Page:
Inspirational Burnley Football Club employee diagnosed with cancer overwhelmed by sporting celebrity support
An inspirational employee at Burnley Football Club has learned first hand that cancer has no colours.
Media assistant at Turf Moor, Ellis Lee, has been overwhelmed by the generous gestures of support from professional athletes across the country since his diagnosis with Hodgkin lymphoma in December.
The 20-year-old understandably struggled to come to terms with the news at first but, since beginning his treatment, he's kicked off his fund-raising efforts to help those who have been there to help him.
Household names from the world of sport, particularly football, have donated items for auction with Ricky Hatton, who held multiple world championships at light-welterweight and one at welterweight, gifting a pair of boxing gloves to aid the fight against cancer.
Manchester rivals, City and United, have joined forces to help the youngster's cause, with John Stones and Marcus Rashford sending signed shirts.
Brighton's Bruno followed suit, Leicester City striker Jamie Vardy and team-mate Ben Chilwell also got involved, donating shirts ahead of this weekend's Premier League clash against the Foxes at Turf Moor, as did Bradford City's Billy Clarke.
Ellis has also received shirts from Chelsea, AFC Bournemouth, Crystal Palace, Leeds United and Champions League quarter-finalists Liverpool while other clubs are also looking to do their bit.
Last, but by certainly no means least, Burnley boss Sean Dyche and his squad have contributed more than £1,000 to his fund-raising efforts.
"It all started at Manchester United," he said. "I was in the tunnel at Old Trafford and Ole Gunnar Solskjaer invited me in to the dressing room to meet the players.
"He wished me well which was very nice of him. Paul Pogba, Jesse Lingard and Marcus Rashford all came over to talk to me and Rashford gave me a signed shirt.
"Then Bruno invited me on to the pitch at the Amex Stadium and presented me with a signed Brighton shirt. I think my story touched him because his Mum had been through a similar thing. We had a really good chat.
"I've had memorabilia sent from Crystal Palace, AFC Bournemouth, Chelsea, Leeds United Bradford and Manchester City.
"I've even been out for dinner with Bradford City defender Billy Clarke, who donated a Sunderland shirt from John O'Shea and a pair of football boots.
"I've had a lot of messages as well. It just shows that cancer has no colours. Rivalries are put to one side and everyone is there to support you."
Ellis has already raised £3,500 for Bloodwise, formerly Leukaemia & Lymphoma Research, on his JustGiving page while everything else will go to Ward J94 Young Adult Cancer Unit at St James’ Hospital in Leeds, where he's undergoing chemotherapy.
All his efforts will culminate in a charity night at the Malmaison Hotel in Leeds on Bank Holiday Sunday, May 5th.
"When I first found out I was dazed," said Ellis. "I just never thought it would happen to me, especially at my age.
"I've coped with it better than I thought I would. Luckily I've got some great people around me.
"My parents, my two best friends, Chara Andrews and Niamh Sutcliffe, and plenty of others have helped me stay positive. That's the best thing to do, otherwise it starts building up on you."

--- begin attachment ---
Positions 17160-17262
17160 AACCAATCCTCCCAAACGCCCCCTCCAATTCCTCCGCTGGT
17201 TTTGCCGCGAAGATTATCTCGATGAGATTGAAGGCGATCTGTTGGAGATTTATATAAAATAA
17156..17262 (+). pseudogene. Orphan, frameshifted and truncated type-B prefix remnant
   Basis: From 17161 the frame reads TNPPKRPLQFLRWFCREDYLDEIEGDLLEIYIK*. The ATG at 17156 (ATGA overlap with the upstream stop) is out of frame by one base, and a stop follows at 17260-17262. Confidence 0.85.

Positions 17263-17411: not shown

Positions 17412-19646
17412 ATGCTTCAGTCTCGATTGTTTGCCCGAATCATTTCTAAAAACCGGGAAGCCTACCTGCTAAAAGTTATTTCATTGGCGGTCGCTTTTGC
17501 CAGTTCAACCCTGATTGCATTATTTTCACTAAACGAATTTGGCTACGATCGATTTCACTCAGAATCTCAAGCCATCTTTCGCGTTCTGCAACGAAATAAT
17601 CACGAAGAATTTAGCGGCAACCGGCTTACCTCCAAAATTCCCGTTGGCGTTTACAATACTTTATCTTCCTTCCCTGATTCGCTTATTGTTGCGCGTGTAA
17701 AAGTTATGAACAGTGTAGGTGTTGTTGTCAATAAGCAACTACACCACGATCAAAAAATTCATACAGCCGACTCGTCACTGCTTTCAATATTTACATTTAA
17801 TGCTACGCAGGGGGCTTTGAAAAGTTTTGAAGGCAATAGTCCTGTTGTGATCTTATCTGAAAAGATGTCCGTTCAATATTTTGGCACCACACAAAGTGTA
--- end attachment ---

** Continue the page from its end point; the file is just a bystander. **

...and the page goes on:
Ellis detected a lump in his neck after suffering from a persistent cough and visited his local GP with dad, Adrian, to seek expert advice.
From there he was fast-tracked to Bradford Royal Infirmary where they pinpointed the cancer on a biopsy and ultra-sound scan the week before Christmas.
Ellis lost his mum, Gail, to cancer when he was just three-years-old while stepmum, Sangita, has recently won her battle with breast cancer.
Fortunately, the prognosis is a positive one for Ellis having caught the cancer at an early stage and now he's encouraging others to act on any concerns they may have.
"If there is anything that you ever feel isn't right with your body just get it checked out," he said. "Even if it turns out to be nothing you're not wasting anybody's time.
"Fortunately I caught mine pretty early. That can make the difference. It's not aggressive, it's a curable cancer.
"People are generally scared to go to the doctors but if you go you can give yourself that peace of mind.
"The news has been positive since my first course of treatment because the lump has disappeared from my neck. It has killed the cells already which was a huge positive. It has worked straight away."
Ellis added: "It's been an eye-opening experience and I appreciate life a lot more now. I appreciate the smaller things.
"Everyone has been really supportive since I found out. They've been there for me every day and made it easier for me.
"I didn't leave the house for five days after I first found out but now I'm just trying to get out and stay busy to keep my mind off things.
"The nurses on Ward J94, who I am raising money for, have been so caring. They are unbelievable and they've helped me settle really quickly. I also need to say a big thank you to Zain Khan and Teegan Elisha, who I met on the ward.
"I can't thank my stepmum enough for where I am now, either. She was diagnosed with breast cancer last year but she has beaten it.
"She has given me loads of advice because she's been through it all herself. My dad has also been so supportive through it and he's been by my side every minute.
"I can't thank this club enough for all the support either. They've been by my side and they're always checking to see how I'm getting on.
"I'm always keeping them updated. They are a great group of people to work with from the top to the bottom."